Francisco responded that that’s the “virtue” of this doctrine—“when you’re facing multiple reasonable constructions … you have the benefit of the views of an agency that’s administering a complicated regulatory scheme.”

Justice Samuel Alito wanted to know about the foundation of Auer/Seminole Rock deference. He asked, “If we were writing on a clean slate, what would you say is the basis for” it?

Francisco replied that “the best conceptual basis” is that it “rests on a presumption of legislative intent, that Congress presumed that courts would defer to an agency’s reasonable interpretation of its otherwise ambiguous rules.”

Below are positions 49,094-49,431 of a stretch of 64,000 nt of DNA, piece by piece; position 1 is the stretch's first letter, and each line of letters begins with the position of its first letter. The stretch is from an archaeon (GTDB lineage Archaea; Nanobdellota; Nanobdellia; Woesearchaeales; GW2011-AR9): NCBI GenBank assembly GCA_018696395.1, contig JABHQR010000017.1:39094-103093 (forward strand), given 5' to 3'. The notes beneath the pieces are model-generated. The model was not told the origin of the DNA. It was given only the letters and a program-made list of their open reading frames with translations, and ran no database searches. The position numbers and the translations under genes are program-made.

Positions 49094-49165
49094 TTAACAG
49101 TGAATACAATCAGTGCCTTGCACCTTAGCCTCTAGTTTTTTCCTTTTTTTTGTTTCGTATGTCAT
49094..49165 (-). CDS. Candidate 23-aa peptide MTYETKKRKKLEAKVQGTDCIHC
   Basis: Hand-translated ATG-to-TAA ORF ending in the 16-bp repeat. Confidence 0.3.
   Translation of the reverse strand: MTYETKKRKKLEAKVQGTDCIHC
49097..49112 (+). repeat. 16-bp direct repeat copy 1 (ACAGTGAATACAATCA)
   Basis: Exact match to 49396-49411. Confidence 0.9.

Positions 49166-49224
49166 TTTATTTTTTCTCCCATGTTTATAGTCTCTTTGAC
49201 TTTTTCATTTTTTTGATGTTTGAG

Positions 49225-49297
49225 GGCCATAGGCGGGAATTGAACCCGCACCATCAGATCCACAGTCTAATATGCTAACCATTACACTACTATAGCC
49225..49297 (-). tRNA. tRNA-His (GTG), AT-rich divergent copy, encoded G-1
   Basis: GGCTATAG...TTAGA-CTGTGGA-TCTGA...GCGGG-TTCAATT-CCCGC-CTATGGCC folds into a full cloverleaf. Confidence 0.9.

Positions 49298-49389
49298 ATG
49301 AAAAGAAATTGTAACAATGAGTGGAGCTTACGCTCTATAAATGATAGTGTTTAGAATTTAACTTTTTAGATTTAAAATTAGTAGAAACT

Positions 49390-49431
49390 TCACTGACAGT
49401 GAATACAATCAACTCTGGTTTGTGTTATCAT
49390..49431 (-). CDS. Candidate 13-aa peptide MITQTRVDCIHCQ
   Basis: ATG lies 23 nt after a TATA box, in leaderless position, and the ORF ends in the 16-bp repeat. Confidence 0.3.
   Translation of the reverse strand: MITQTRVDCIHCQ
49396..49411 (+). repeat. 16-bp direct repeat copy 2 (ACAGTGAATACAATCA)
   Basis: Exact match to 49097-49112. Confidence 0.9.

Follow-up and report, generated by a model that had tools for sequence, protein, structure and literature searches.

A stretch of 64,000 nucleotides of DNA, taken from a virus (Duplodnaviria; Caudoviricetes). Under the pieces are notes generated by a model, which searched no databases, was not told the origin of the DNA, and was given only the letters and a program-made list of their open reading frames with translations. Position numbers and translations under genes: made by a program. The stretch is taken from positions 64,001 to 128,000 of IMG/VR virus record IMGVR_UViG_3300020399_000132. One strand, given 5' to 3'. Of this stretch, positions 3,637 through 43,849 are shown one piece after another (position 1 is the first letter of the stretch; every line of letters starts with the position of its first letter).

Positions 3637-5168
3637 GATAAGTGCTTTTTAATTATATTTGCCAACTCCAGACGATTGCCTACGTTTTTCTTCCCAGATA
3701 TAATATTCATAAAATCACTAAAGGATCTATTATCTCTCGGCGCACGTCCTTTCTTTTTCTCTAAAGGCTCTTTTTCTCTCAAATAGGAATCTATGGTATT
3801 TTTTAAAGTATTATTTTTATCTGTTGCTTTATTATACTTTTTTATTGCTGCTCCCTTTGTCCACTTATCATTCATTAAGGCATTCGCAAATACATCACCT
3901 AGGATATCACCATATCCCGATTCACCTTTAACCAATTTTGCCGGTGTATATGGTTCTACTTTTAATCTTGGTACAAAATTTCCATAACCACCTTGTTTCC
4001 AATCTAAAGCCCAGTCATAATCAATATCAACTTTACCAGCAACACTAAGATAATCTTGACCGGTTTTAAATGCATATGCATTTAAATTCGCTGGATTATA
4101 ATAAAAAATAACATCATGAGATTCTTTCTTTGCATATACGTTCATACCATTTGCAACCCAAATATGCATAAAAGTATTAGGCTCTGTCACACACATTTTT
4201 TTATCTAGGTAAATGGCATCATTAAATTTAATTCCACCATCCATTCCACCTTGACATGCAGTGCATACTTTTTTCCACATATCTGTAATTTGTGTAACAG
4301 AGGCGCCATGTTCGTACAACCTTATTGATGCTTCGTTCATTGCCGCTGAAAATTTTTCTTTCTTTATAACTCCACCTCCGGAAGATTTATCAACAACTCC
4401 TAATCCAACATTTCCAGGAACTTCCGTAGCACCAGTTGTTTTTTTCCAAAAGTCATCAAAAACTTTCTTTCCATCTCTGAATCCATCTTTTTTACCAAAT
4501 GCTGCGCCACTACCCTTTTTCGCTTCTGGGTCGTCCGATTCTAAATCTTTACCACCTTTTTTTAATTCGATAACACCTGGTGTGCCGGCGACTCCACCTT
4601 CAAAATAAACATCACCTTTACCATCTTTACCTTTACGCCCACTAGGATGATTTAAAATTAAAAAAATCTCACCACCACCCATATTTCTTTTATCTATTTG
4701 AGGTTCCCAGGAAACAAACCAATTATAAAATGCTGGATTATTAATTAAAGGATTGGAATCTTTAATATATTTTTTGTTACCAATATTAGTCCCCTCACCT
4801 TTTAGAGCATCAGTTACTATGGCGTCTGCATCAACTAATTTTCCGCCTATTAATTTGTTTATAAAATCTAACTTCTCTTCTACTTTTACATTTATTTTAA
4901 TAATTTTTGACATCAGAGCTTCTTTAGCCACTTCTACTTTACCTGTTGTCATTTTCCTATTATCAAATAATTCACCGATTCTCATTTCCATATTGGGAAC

And yet, the Administrative Procedure Act would seem to rebut this notion. Indeed, when Hughes returned to the podium for his rebuttal he explained, “Agencies have a very substantial role to play in policy making, but Congress made the judgment that the way that that is done in a democratic way, accountable to the [people] is through notice and comment rulemaking, such that the regulated public can provide their views.”

After an hour of oral argument, a number of justices showed skepticism for Auer/Seminole Rock deference, though several seemed concerned about what would come in its wake. But it’s time for the court to correct its mistake and make clear that judges—not agency officials—say what the law is.

Elizabeth Slattery writes about the proper role of the courts, judicial nominations, and the Constitution as a legal fellow at The Heritage Foundation. Read her research. She co-hosts SCOTUS101, a podcast about everything that’s happening at the Supreme Court.